Most aquaponic systems are single loop and fully recirculating. This means that the fish and plants exist in a single loop and share the same nutrient-rich water. The reason these are the most popular is because they are simple to build and operate. But single loop systems are also a compromise because the plants, fish and bacteria must all be happy in the same solution. So for example, the temperature and pH levels must be maintained at levels that satisfy all the organisms, rather than being optimized for each.
In a dual loop system, these parameters can be maintained optimally at different levels in each loop. Additionally, if something goes wrong, there are more options to address the situation without affecting everything in the system. So for example, if pests need to be treated on the plant side, it can be done without adversely affecting the fish.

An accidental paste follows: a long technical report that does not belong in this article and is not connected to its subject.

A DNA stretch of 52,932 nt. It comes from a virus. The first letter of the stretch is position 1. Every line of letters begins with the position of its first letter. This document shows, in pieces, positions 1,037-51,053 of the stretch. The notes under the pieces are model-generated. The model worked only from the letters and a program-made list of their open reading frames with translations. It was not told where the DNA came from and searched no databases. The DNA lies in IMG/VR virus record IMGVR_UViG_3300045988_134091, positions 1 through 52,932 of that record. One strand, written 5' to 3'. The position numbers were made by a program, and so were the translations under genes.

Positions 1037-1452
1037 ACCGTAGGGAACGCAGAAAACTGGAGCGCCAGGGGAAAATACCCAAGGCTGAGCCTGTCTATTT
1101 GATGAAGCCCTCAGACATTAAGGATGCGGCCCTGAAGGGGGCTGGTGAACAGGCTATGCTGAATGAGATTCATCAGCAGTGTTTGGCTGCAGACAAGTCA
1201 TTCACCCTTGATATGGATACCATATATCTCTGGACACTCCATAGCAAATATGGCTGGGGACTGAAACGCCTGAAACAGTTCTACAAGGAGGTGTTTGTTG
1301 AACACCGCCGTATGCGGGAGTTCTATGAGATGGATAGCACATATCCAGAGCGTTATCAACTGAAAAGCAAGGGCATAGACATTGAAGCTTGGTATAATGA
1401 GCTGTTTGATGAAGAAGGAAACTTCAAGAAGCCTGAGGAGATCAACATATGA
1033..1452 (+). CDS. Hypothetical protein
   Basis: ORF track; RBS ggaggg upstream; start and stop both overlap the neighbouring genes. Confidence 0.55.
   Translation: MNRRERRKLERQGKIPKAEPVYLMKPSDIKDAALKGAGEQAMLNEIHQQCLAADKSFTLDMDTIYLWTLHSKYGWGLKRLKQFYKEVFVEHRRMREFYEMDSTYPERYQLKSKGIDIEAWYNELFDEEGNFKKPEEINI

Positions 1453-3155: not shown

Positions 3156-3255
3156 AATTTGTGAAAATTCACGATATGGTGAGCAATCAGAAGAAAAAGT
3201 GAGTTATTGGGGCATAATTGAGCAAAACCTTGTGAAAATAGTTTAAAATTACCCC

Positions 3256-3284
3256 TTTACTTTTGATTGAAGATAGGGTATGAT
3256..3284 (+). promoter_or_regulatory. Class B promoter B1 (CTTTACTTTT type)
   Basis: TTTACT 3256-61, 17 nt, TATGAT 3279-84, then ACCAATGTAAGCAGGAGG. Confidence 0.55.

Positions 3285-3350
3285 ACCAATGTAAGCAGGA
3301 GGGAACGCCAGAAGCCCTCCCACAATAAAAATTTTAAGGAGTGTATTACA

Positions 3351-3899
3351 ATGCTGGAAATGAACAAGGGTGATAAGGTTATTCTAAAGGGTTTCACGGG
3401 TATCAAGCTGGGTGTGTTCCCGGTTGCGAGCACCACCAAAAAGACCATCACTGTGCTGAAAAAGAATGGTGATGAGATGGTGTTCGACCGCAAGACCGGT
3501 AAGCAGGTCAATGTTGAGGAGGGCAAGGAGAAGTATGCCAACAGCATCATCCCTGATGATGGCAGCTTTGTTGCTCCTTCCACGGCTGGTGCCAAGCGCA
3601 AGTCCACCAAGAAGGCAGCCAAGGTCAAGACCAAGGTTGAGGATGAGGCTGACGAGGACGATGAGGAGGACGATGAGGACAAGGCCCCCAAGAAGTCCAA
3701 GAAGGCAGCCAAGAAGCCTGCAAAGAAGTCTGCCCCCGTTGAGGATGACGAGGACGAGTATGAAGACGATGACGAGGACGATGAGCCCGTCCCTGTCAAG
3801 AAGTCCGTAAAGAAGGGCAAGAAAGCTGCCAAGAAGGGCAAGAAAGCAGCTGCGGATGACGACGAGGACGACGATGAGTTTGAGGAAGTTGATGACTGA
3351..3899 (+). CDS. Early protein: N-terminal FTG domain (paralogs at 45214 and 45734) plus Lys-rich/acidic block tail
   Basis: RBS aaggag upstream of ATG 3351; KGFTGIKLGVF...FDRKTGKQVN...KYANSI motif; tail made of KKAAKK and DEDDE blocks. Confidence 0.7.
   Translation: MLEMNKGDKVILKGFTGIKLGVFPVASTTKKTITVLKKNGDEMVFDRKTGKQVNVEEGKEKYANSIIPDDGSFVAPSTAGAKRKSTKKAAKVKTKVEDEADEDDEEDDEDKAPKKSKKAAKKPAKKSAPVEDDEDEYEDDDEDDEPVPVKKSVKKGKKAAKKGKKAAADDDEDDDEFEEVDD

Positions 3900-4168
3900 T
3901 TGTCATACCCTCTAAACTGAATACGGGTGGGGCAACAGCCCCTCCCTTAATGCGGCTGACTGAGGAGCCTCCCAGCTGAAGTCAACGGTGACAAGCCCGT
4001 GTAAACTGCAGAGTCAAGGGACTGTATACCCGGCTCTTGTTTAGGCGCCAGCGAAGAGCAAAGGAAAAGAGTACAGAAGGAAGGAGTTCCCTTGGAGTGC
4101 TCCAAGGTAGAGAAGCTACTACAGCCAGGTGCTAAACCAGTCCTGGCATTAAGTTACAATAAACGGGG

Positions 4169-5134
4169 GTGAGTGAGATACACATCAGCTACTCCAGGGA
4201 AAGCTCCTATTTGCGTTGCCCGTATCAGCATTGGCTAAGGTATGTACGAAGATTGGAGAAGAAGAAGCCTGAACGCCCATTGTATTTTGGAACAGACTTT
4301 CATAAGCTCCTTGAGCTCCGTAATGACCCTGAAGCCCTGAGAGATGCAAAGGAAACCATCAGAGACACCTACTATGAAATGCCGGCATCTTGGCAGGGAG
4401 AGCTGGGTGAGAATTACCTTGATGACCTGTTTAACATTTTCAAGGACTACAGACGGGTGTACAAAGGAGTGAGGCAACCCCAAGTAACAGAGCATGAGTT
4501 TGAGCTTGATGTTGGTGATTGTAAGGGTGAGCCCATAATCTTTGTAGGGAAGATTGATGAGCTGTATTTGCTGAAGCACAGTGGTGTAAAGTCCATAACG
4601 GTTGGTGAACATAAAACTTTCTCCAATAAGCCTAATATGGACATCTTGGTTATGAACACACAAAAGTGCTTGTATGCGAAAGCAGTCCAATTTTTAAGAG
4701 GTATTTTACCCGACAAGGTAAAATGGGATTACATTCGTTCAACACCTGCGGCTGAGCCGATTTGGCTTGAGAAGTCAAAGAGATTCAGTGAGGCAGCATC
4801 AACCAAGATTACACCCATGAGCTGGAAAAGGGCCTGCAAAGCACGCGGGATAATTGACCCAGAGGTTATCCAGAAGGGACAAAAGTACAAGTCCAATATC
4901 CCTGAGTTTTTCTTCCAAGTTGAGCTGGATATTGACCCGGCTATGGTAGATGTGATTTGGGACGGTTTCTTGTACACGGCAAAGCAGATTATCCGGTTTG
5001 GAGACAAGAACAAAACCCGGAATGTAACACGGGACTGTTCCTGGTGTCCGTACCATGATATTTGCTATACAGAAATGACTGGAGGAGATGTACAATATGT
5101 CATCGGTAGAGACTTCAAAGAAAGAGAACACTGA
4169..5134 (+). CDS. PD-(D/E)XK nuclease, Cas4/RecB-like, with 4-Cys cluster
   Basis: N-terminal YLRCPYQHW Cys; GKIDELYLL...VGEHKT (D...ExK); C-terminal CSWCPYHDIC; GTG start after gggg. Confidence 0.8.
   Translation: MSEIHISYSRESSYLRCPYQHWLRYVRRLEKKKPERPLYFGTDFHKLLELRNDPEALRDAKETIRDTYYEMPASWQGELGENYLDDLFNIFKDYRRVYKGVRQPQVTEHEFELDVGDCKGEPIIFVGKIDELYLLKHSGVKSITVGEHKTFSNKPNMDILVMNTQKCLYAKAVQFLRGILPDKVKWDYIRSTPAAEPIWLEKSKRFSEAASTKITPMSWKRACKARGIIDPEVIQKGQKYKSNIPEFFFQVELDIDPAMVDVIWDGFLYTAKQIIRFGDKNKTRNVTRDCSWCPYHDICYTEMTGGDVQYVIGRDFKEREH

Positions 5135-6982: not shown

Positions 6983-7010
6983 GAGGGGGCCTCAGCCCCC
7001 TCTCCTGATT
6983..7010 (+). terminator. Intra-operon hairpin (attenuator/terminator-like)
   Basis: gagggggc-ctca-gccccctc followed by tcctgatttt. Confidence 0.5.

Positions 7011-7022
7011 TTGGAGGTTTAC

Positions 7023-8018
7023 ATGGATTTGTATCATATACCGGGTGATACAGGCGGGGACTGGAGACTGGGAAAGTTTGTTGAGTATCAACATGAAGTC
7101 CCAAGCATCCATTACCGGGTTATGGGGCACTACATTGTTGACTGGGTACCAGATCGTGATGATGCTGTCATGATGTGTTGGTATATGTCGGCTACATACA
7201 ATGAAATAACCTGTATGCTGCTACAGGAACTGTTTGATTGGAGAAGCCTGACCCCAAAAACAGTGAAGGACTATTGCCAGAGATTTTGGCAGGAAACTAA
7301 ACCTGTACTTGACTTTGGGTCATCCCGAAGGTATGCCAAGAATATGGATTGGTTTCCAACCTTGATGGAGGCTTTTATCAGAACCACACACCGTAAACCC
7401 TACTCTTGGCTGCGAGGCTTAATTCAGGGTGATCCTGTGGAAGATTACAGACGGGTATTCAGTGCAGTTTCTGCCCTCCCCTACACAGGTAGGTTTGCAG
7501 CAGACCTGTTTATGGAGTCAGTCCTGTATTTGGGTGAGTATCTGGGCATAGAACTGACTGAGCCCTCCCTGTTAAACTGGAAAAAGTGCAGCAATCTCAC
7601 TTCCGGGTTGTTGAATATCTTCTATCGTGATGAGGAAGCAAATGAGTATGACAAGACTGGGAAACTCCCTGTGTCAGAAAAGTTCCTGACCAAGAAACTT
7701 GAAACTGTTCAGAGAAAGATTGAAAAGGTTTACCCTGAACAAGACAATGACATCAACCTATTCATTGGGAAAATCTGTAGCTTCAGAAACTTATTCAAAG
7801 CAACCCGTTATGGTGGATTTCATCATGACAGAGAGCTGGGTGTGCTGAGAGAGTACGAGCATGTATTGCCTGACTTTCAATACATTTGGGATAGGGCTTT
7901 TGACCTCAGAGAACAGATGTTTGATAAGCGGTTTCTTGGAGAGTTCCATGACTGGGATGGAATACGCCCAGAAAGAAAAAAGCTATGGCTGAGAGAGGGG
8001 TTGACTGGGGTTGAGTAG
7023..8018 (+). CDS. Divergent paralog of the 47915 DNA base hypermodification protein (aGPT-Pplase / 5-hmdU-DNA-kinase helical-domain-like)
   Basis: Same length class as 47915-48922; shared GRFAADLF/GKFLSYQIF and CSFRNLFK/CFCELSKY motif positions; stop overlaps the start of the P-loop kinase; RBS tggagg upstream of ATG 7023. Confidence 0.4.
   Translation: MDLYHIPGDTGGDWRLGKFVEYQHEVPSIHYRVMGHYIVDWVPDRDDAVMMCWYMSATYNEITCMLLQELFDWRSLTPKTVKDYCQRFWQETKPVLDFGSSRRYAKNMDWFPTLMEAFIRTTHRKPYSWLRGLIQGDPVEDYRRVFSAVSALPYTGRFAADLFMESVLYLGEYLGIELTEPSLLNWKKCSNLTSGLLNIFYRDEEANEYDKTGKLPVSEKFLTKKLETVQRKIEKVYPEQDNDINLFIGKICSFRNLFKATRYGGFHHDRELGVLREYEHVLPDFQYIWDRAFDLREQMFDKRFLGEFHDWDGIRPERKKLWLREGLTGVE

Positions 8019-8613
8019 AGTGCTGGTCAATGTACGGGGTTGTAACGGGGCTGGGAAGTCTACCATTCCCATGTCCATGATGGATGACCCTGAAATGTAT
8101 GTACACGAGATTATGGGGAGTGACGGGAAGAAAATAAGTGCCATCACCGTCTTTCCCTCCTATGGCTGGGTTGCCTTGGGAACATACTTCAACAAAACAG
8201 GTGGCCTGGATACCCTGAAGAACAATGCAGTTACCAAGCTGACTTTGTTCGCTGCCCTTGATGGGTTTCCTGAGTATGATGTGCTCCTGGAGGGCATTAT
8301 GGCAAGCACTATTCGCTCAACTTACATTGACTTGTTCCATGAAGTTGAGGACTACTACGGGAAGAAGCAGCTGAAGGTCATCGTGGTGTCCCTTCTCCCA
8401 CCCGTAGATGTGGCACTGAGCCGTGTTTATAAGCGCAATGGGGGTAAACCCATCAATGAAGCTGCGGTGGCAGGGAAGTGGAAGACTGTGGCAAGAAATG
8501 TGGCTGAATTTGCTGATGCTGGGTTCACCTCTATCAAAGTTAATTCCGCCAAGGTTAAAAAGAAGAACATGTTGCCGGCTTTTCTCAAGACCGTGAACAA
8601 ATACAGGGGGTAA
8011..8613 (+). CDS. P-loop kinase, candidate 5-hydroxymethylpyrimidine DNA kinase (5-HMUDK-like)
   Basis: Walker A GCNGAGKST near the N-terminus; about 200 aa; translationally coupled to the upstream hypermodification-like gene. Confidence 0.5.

A typical decoupled system consists of a stand-alone RAS (recirculating aquaculture system) loop and a hydroponic plant loop. The sludge from the RAS system is digested in the biological waste system which provides the nutrients for the hydroponic system. Using a digester makes the system more efficient because the nutrients plants need (aside from Nitrogen) are trapped in the solid waste. The aerobic digester (a fancy term for a simple tank with air-stones in it) mineralizes the solid waste, releasing the nutrients the plants need.